How Does a Boiler Work?
A boiler is water containing vessel which transfers heat from a fuel source (oil, gas, coal) into steam which is piped to a point where it can be used to run production equipment, to sterilize, provide heat, to steam-clean, etc.
The energy given up by the steam is sufficient to convert it back into the form of water. When 100% of the steam produced is returned to be reused, the system is called a closed system. Examples of closed systems are closed steam heating, hot water heating, and “one-pipe” systems.
Since some processes can contaminate the steam, so it is not always desirable to feed the condensate back into the boiler. A system that does not return the condensate is called an open system.
The two main types of boilers are:
- Firetube – the fire or hot gases are directed through the inside of tubes within the boiler shell, which are surrounded by water. The tubes are arranged in banks so that the gases can be passed through the boiler up to 4 times before passing out the stack. This system exposes the maximum heat transfer surface to the water. Firetube boilers are also known as shell boilers and can produce up to approximately 750 hp or 25,000 lbs of steam per hour. 80% of boilers in use are of this configuration.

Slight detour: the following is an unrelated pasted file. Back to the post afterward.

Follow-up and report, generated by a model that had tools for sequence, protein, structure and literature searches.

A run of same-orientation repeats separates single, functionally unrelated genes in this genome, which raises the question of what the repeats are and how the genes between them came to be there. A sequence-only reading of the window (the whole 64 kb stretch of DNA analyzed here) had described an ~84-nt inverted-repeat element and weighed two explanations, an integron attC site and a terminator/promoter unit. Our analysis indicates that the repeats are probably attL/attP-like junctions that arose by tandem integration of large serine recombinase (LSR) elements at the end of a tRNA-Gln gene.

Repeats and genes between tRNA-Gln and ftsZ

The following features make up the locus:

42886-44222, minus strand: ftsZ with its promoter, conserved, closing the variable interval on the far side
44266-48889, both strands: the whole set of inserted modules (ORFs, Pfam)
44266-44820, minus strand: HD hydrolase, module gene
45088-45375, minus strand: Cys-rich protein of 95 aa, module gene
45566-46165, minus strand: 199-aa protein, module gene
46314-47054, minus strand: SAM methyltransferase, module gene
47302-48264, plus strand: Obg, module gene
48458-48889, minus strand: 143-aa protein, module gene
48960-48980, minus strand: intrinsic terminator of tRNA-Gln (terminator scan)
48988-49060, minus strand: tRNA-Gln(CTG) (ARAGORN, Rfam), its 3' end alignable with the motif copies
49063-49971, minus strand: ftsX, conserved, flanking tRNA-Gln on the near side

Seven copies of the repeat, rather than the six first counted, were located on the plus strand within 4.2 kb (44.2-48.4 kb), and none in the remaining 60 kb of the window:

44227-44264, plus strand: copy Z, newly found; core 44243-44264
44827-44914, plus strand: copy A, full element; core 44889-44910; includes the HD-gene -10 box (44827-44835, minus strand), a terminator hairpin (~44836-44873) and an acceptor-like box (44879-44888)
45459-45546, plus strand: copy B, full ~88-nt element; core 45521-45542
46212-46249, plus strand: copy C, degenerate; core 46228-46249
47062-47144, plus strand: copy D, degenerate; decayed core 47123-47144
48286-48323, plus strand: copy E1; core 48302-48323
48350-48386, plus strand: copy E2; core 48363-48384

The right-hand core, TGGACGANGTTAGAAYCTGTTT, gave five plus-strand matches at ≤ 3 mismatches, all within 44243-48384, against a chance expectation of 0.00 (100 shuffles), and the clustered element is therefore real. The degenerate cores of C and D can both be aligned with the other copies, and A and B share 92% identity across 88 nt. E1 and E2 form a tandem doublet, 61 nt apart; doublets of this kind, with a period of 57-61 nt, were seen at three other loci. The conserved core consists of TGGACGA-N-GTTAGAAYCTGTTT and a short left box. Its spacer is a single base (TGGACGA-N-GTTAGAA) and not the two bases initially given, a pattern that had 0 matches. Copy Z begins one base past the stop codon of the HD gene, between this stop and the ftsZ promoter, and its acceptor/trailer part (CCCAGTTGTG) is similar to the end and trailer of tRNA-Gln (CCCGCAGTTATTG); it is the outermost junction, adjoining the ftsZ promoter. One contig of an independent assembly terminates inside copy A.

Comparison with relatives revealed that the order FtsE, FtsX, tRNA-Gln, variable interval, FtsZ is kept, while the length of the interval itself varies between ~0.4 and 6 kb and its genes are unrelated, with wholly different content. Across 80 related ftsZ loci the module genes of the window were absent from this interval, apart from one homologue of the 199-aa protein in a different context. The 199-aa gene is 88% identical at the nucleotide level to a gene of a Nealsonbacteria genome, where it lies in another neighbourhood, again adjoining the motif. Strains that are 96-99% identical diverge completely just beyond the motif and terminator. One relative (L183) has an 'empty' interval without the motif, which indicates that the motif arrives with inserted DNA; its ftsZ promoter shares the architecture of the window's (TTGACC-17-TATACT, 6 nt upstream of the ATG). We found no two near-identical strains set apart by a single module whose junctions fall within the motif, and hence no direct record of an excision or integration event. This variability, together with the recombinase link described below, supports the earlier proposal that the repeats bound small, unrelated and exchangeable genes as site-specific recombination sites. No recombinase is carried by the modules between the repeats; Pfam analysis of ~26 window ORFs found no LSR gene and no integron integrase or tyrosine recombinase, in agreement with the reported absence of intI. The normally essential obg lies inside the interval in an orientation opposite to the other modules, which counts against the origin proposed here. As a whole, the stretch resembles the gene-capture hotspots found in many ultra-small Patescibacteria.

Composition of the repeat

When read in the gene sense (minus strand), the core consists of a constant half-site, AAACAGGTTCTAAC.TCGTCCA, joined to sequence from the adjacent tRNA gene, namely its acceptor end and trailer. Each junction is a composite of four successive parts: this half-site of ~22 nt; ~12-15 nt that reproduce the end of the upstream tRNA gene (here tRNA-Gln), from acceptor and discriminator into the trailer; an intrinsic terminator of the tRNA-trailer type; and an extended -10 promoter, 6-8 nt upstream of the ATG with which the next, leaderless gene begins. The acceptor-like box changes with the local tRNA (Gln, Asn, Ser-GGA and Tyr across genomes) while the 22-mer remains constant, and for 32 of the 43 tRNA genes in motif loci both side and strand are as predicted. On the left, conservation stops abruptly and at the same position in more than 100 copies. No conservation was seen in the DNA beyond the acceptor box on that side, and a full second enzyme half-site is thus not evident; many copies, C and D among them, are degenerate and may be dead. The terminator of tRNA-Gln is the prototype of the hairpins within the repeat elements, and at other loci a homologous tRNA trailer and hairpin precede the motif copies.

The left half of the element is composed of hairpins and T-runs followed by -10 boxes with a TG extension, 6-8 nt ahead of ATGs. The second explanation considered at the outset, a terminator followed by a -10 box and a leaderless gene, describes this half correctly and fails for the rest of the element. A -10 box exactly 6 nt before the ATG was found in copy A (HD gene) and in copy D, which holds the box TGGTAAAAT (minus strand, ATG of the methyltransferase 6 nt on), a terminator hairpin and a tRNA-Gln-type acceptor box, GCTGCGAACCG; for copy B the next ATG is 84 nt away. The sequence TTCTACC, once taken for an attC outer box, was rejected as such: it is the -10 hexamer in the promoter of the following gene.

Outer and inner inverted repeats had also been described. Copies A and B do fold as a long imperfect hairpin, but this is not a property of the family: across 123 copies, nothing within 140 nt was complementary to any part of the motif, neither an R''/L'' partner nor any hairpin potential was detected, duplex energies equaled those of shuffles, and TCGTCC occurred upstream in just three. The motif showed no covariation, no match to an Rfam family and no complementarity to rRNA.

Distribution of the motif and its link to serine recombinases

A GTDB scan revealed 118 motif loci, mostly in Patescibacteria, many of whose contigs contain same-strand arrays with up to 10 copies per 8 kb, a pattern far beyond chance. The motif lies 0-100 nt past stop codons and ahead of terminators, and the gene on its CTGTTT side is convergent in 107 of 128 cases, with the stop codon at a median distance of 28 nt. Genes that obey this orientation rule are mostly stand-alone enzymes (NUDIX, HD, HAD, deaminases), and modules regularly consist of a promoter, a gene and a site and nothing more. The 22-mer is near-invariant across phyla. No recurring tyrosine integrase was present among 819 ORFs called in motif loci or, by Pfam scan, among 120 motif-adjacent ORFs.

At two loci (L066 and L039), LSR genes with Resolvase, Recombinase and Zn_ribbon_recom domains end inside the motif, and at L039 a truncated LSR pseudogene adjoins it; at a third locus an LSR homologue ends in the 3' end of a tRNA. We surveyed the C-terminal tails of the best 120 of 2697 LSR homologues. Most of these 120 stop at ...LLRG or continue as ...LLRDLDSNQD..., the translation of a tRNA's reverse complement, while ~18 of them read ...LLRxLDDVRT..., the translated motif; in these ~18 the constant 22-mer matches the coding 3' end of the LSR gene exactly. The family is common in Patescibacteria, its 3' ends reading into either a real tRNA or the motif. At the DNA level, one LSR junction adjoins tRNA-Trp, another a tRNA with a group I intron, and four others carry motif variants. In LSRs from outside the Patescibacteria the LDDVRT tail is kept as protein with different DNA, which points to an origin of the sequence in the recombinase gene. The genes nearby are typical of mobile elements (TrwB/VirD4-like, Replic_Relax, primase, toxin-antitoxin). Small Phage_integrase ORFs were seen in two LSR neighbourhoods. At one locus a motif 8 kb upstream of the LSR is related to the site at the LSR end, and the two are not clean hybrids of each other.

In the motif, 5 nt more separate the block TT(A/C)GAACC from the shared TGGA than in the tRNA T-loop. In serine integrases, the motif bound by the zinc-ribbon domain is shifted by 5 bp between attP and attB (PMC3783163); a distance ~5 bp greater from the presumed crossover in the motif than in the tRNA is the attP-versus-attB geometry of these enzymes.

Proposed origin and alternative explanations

- A subtype of this boiler is the packaged boiler, shipped complete with fuel burning equipment, mechanical draft equipment, automatic controls and accessories and is designed to function automatically with a very minimum of attention. It is particularly important to prevent scale formation in this type of boiler.
- Watertube – the fire or hot gases are directed to and around the outside of tubes containing water, arranged in a vertical position. Watertube boilers are usually rectangular in shape and have two or more drums. The separation of steam and water takes place in the top drum, while the bottom drum serves as a collection point for sludge. This system is usually used when more than 750 hp or several hundred thousand lbs of steam per hour, are needed.
- There are other designs with special configurations, adapting them to particular applications.